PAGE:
A couple of weeks ago, LastPass changed hands, again. Some of my friends ditched it and moved on to BitWarden as a consequence.
While I see the advantages of using cloud-based services to store passwords, especially when it comes to comfort, I do find the use of such service to risky. What if their services get hacked or someone finds a bug in the service’s extensions or apps that can be exploited?
Anyway, I managed to convince a friend to switch over to KeePass. His requirements were quite simple: cross-platform sync, a mobile app and auto-fill on desktop. It’s easy, just place the KeePass database in your cloud storage service’s folder (for e.g. Dropbox, OneDrive, GoogleDrive, or, if you want full control, a self-hosted solution) and you have cross-platform sync. It’s safe because the database is encrypted.
My go-to choice for a mobile app is Keepass2Android Password Safe for Android (supports Quick unlock, fingerprint unlock, syncs to your cloud service), and KeePassium or Strongbox for iOS. While auto-type is natively supported in the KeePass desktop application, auto-fill isn’t.
You’ll need to use a browser extension for that. I used to recommend Tusk, but it is no longer maintained. The Kee add-on by Chris Tomlinson does a fine job. Kee was formerly known as KeeFox, and some of you maybe familiar with it.
You’ll need two things to get it working
- The Kee extension for Firefox and Chrome. You’ll also need the KeePass desktop application to be running in the background.
- The KeePassRPC plugin (from the same developer) which allows the add-on to communicate with the browser.
Install the extension from the Firefox add-on repository or the Chrome web-store. A new button will be added to the toolbar and it is in the “OFF” state after installation.
Navigate to the KeePass desktop application’s plugins folder (normally C:KeePassPlugins) and place the KeePassRPC plugin file named KeePassRPC.plgx inside the directory. Restart KeePass if it was already open, and it should load the plugin.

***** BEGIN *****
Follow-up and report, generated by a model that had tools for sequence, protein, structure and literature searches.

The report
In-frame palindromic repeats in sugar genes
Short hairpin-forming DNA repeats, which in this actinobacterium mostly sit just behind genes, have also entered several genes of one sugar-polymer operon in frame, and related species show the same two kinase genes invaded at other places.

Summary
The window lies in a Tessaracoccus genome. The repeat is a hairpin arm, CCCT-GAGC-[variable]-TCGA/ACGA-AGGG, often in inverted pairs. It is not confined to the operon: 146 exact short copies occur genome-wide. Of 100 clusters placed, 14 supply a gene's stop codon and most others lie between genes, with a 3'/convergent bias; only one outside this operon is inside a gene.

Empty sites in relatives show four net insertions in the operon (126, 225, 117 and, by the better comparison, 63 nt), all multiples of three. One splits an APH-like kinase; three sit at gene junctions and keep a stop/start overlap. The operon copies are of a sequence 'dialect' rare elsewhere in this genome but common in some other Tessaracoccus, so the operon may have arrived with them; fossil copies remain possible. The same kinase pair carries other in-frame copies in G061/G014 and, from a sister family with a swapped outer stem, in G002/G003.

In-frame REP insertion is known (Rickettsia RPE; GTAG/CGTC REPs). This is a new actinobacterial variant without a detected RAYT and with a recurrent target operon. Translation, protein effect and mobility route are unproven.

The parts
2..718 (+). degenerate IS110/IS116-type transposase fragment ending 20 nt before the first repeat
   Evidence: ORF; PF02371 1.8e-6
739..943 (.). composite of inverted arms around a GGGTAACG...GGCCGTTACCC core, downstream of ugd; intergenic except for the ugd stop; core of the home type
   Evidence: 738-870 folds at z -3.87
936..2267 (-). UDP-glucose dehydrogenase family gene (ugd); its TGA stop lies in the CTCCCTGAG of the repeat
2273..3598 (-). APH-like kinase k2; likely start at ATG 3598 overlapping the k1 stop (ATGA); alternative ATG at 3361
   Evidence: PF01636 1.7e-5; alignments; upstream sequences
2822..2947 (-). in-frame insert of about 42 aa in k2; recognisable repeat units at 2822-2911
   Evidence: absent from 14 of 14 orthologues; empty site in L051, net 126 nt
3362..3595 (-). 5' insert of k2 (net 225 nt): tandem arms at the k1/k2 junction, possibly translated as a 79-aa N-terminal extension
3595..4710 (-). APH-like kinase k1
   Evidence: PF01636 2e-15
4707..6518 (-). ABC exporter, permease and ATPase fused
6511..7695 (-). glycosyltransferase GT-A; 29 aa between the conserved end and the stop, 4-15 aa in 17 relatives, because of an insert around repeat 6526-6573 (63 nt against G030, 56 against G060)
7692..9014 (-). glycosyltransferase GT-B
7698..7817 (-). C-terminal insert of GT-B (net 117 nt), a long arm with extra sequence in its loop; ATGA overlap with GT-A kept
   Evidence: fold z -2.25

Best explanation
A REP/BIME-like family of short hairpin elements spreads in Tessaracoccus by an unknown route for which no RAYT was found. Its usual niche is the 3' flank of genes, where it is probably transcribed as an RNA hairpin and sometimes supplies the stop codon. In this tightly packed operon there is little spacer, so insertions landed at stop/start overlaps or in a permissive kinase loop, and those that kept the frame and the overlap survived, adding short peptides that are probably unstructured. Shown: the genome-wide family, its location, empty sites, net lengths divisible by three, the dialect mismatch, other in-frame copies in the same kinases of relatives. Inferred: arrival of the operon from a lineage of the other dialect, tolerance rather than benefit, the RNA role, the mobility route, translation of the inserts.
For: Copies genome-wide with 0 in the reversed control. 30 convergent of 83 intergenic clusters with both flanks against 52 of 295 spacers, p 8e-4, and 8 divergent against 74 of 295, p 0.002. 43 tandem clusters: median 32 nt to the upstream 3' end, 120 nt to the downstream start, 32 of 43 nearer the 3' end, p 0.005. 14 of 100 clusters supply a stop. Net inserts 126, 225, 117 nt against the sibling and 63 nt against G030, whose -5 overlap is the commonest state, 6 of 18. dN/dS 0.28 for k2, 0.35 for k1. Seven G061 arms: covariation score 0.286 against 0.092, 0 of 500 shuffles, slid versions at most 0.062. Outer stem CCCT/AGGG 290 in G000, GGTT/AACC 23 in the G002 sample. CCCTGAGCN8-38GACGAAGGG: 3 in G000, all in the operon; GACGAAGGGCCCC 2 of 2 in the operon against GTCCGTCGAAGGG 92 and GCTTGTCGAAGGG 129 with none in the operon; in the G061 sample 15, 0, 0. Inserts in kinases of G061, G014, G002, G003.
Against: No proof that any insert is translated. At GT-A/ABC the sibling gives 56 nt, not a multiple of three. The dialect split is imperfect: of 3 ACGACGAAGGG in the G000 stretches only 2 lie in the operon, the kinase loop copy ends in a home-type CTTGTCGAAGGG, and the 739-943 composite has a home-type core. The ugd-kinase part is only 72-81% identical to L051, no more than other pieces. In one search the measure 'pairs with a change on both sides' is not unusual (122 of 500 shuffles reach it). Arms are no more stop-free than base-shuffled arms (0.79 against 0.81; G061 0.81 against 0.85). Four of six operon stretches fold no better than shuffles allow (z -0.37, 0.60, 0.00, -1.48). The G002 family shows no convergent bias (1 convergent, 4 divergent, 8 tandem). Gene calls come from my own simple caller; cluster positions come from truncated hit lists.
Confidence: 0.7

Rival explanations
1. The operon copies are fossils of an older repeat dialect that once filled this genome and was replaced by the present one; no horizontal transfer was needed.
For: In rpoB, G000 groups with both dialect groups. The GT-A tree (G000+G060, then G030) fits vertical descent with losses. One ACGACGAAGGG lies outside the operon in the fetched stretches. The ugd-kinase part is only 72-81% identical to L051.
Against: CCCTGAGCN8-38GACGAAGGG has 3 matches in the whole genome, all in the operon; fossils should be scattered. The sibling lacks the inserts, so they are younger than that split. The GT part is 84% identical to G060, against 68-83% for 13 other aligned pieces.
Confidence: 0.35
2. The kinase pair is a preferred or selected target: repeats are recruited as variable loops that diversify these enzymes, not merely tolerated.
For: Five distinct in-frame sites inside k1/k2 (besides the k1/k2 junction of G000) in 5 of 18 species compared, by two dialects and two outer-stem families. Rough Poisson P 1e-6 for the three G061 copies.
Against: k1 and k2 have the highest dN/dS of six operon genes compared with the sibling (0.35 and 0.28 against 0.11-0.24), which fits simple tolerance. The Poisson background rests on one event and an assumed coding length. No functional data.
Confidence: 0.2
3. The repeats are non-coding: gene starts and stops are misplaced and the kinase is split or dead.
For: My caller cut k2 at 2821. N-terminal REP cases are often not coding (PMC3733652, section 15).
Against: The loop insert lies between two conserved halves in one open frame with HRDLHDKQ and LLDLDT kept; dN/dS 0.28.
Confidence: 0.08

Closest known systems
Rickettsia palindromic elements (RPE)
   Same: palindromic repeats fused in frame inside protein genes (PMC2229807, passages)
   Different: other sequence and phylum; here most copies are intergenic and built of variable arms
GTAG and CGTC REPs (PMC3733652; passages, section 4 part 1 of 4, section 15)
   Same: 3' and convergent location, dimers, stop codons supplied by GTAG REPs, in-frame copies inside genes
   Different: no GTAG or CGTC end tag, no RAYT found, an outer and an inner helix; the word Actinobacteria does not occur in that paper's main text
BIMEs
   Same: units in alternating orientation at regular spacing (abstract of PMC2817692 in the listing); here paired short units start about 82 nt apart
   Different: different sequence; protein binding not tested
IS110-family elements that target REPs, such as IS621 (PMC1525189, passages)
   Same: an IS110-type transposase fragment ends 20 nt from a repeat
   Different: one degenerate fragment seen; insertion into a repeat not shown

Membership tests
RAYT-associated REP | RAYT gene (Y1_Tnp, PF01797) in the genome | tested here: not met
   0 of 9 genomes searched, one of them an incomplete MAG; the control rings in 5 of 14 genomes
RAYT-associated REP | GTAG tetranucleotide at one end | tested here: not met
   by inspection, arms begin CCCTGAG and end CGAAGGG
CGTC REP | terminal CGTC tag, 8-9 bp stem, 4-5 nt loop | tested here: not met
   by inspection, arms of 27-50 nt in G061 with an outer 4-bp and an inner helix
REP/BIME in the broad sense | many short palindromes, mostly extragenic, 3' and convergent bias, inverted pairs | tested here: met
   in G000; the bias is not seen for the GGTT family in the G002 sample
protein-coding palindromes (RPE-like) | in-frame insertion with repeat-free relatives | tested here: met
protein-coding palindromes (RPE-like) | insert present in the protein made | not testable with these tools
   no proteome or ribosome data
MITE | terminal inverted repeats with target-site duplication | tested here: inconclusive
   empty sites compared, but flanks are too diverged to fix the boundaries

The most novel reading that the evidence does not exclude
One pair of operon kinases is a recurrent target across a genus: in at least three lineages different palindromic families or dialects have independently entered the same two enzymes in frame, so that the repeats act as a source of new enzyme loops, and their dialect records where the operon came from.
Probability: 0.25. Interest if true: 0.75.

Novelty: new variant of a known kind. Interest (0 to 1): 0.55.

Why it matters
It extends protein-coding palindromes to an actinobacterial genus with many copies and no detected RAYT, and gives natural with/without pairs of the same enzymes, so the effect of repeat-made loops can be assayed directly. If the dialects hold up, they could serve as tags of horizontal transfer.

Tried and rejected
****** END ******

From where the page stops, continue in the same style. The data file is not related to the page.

A new tab opens in the browser and you should see a window pop-up (in KeePass) asking you to “authorise a new connection”. A code is displayed in the pop-up that you should enter in the box in the browser tab to authenticate the add-on to access the passwords from the desktop client.
The welcome screen of the plugin asks you to choose whether you want to create a new database, or use the existing one. Select the latter and login to your database as usual. That’s it: you’ve setup Kee and KeePass to work together.
The Kee add-on’s button is now usable. Does this work with KeePass portable? It does, that’s what I use it with.
Bad puns aside, let’s take a look at what the extension is capable of. Auto-fill is of course the main feature of the extension. If you’re on a webpage that has the same URL as an entry in your database, the username and password fields should be automatically filled by the add-on.
It works on most websites, but in case it doesn’t, left click on the add-on’s button and select “matched login entries”. You can also use the browser’s right-click context menu to do the same.
You can use the addon’s pop-out menu for searching your database. This is the other option to use if autofill didn’t work. You can type the website’s name (for e.g. “ghacks”) and the extension will list the relevant results to choose from.
Click on an entry (after searching) and it will take you to the corresponding URL. If you click on the hamburger menu icon next to an entry, it gives you three options: Edit, Copy Password and Copy Username. The password isn’t edited by Kee, it is done in KeePass.
Kee can be used to save new entries when you login to websites (or generate a new one), but you’ll need to manually click the add-on’s button and select “Save login”. You can choose to save the information in a new entry or update an existing one. The add-on can also be used for generating secure passwords and you can choose from Hex key 40/128/256 bit, or random MAC address. Once generated, it is saved to the clipboard and you can paste it in a password field, and use the save password option to store the new login.
Kee does not send your data to any server. The extension and the plugin are open source.
Note: You may come across “Kee Vault” in the add-on’s menu, that is a premium password manager made by the same developer. It is completely optional, and hence not required for Kee to function.
Kee is an open source add-on, and so is the KeePassRPC plugin. You can find them listed on the plugins page on KeePass’ official website. KeeForm is a good alternative, but requires installing its desktop application in addition to the extension.